A Top-Performing Fund Suddenly Gets Positive on Indonesia Stocks
(Bloomberg) -- A top Asean money manager has turned positive on Indonesian equities, once the worst performers in Asia this year.
Samsung Asset Management Co., whose fund has beaten 94 percent of peers over the past five years, raised the country’s shares to overweight from underweight, according to Alan Richardson, investment manager at the company in Hong Kong. Richardson says Indonesian stocks have already hit bottom and will stabilize from here.
The two-notch upgrade coincides with foreign investors’ return to Indonesia after they pulled more than $8 billion from the stock market in the past year. It also came after the central bank raised its benchmark rate for the first time since 2014 and pledged to take stronger measures to maintain currency stability. Indonesia’s benchmark stock index has gained 3.4 percent this week, heading for its strongest weekly gain since December 2016, and paring this year’s decline to less than 6 percent.
“Foreign funds are more likely to buy than sell as they get more positive price feedback of the stock market bottoming,” Richardson said. “I expect a 15 percent return in dollar terms, based solely on market mean reversion supported by stabilizing capital markets.”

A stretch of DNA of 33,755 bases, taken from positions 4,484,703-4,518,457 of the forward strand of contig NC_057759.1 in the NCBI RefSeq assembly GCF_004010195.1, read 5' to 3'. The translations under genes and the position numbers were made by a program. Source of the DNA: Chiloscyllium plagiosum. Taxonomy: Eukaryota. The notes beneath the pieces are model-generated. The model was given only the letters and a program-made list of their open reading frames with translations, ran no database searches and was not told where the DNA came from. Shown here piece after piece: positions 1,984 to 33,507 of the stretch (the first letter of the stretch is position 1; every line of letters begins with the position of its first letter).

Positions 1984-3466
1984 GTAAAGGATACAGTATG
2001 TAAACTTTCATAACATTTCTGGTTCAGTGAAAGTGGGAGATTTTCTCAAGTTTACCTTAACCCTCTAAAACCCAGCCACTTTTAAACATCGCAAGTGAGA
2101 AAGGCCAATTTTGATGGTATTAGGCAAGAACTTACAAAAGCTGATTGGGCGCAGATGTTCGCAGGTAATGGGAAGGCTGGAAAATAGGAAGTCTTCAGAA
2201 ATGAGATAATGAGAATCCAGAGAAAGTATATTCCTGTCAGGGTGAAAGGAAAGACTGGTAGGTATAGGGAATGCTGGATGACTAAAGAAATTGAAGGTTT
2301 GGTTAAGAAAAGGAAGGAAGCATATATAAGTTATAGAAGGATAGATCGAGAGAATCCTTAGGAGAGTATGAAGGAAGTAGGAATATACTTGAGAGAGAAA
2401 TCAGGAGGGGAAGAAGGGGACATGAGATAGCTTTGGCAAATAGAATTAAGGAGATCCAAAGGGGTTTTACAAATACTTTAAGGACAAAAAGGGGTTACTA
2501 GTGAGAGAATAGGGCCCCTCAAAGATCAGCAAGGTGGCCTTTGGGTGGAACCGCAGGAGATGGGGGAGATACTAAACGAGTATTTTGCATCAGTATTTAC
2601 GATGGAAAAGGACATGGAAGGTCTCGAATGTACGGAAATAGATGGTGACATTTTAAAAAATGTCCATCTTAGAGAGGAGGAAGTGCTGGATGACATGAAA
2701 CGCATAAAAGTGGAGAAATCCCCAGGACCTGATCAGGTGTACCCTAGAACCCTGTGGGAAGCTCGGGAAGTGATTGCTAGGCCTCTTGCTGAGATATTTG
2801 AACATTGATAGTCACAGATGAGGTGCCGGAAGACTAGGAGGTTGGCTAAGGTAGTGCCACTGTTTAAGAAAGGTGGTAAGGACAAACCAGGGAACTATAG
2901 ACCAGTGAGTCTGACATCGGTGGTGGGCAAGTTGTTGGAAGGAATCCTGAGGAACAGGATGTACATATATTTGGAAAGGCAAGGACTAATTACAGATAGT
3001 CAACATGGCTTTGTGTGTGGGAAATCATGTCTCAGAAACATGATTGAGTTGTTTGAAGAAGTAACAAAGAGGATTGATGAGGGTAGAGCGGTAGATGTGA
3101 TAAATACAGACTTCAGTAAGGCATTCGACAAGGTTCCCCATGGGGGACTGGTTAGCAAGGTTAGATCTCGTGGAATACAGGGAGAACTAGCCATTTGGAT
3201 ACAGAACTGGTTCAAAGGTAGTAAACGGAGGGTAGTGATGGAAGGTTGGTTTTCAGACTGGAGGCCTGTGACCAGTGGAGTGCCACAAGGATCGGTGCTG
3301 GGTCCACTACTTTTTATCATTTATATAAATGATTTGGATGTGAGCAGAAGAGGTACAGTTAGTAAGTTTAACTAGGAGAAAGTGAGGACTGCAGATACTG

Richardson, who manages the $785 million Samsung Asean Equity Fund, said banking shares such as PT Bank Rakyat Indonesia, PT Bank Mandiri and PT Bank Negara Indonesia, along with consumer goods companies like PT Indofood Sukses Makmur, PT Gudang Garam and PT Ace Hardware Indonesia, are the fund’s top picks.
Nomura Holdings Inc. also raised Indonesia to overweight from underweight. Indonesian equity valuations have become attractive, suggesting a better risk-reward picture even though there might be some modest downside to current consensus earnings estimates, analysts Chetan Seth and Jayant Parasramka wrote in a report.
“With Bank Indonesia’s commitment to stabilize the rupiah via a rate hike, and commitment to keep macroeconomic stability, equity investor confidence should improve and foreign equity outflows should moderate,” Seth and Parasramka wrote.
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